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When Will Employers Be Liable for the Off-Duty Conduct of Their Employees?
Workwise Newsletter

The ability of employers to monitor and control the actions of their employees is limited. However, employers can be vicariously liable for the actions and omissions of their employees. This means that employers will be liable for acts or omissions, whether unauthorized or authorized by the employer, that are sufficiently related to the course of employment and the acts authorized by the employer. 

But how far does this principle extend? Does this principle only apply when the impugned action or omission occurs while the employee is acting in the course of their employment? Or are employers liable for the off-duty conduct of their employees? A review of the case law demonstrates that it depends on the details of the individual employment relationship.

In Tataryn v Browne, 2014 BCSC 13, the Court explored this issue. This case involved a motor vehicle accident whereby 13 plaintiffs were injured while passengers in a truck driven by their colleague Annie. The plaintiffs were temporary workers, and Annie worked for Sunshine Eggs Inc. (“Sunshine”). The plaintiffs alleged that Annie drove carelessly and lost control of the truck. The plaintiffs argued that Annie was an agent of Sunshine and that Sunshine was vicariously liable for Annie’s negligence. The Court provided an extensive analysis and review of the law and stated there had to be a legal obligation between Annie and Sunshine for vicarious liability to attach. However, the only legal obligation was that Annie worked at the farm and Sunshine was obligated to pay her for her work. There was no legal obligation on Annie’s part to transport the workers on the day of the accident. The Court held that Annie volunteered to drive the workers and that she was not acting in the course of her employment. As such, Sunshine was not vicariously liable. 

In Cimpean v Payton, 2008 CanLII 32808, the Ontario Supreme Court considered whether the National Basketball Association (“NBA”) and an NBA team were vicariously liable for an alleged assault on a woman and her husband perpetrated by three players from the NBA team. The alleged assault took place outside of an adult entertainment lounge. Although the conduct was certainly “off-duty,” the Court held that the NBA and the NBA team were vicariously liable. In coming to this decision, the Court reviewed the contract between the players and the NBA team. The contracts included provisions mandating morality and good off-court behaviour. The Court stated that “the contract with each player is reasonably capable of leading to the conclusion that the employment relationship between the [NBA Team] and each player involved more than just playing basketball.” As for the NBA, the Court held that it might also be vicariously liable as it had the ability to sanction players for off-court conduct. This meant that the NBA was not too remote from the impugned conduct for vicarious liability to attach.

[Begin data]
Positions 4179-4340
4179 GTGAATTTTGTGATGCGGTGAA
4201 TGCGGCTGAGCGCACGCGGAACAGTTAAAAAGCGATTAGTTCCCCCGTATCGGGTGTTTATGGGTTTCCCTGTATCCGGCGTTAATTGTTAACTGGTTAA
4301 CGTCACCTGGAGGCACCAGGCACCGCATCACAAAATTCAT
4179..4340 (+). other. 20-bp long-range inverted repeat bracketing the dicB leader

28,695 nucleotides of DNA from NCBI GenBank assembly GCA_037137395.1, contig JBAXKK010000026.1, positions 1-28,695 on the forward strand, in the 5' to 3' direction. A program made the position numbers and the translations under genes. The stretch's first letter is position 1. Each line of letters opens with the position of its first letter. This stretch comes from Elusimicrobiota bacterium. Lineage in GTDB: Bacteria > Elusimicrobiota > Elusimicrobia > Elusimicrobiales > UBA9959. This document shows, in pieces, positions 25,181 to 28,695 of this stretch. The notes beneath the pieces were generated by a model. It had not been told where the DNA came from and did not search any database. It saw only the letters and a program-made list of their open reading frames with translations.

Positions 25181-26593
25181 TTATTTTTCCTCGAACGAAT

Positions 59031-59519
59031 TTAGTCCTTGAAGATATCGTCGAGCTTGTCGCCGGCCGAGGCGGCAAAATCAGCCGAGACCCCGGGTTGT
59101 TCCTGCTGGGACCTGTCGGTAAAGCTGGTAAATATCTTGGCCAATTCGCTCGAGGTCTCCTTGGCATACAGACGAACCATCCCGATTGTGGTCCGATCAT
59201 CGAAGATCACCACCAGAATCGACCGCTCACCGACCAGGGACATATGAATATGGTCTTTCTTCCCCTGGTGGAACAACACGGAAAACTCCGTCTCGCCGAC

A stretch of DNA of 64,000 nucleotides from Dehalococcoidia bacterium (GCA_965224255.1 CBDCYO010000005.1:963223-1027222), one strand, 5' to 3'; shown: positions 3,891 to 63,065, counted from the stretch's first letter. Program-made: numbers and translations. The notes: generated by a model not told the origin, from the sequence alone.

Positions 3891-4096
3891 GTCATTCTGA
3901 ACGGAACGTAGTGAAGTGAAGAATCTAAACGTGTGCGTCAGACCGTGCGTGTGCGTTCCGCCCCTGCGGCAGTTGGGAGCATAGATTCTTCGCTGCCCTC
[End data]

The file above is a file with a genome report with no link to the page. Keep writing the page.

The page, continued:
The Alberta Court of Queens’ Bench decision Hoefling v Driving Force Inc., 2005 ABQB 802 involved a motor vehicle accident. The defendant, Lance, was an employee of the defendant Veco Construction Ltd. (“Veco”), and hitched a ride to the city with his co-worker, Jeremy. Veco had instructed Jeremy to return the vehicle it leased from the job site to another location. Lance took over the driving and caused an accident by running a red light. Lance was convicted of impaired driving. The plaintiff argued Veco was vicariously liable. Even though Veco had not expressly authorized Jeremy to drive the vehicle and had not expressly forbidden him to drive, the Court held that Veco was still vicariously liable. At the moment of the accident, Jeremy was advancing Veco’s corporate interests (by driving the vehicle to the required location). At the very least, Jeremy was doing an unauthorized act (driving the vehicle) that was a mode of doing an authorized act (returning the vehicle). 

Where the alleged wrongdoing is intentional (such as sexual battery), it is necessary to consider whether the nature and character of the employment created or enhanced a risk of the conduct complained of. For example, in Pawlett v Dominion Protection Services Ltd., 2007 ABQB 415, the plaintiff alleged that an employee of the defendant Dominion and her direct supervisor sexually harassed her over a period of time and also sexually assaulted her. The Court held that the plaintiff was placed in a vulnerable position by her supervisor. First, he was her direct supervisor. Second, the plaintiff was led to believe that her supervisor was in charge of the company. Third, the employment created a situation whereby the two were often left alone to work together when no one else was present. Lastly, Dominion had no policies in place with respect to sexual harassment. As a result, Dominion was held to be vicariously liable for the harassment and assault. 


Ultimately, employers can be vicariously liable for the off-duty conduct of their employees. The above cases show that where the impugned conduct can be tied in some way to the employment relationship, the employer may be vicariously liable. This might be the case if the employment relationship created or enhanced a risk of the wrong complained of (Pawlett), if the conduct advanced the employer’s interests or was a mode of doing an authorized act (Hoefling), or if the conduct was not too remote from the employment relationship (Cimpean).

Employers should be cautious and mindful of their work environments and employment agreements and seek to monitor the actions of their employees. Contact a member of Field Law’s Labour and Employment Group for assistance or if you have any questions.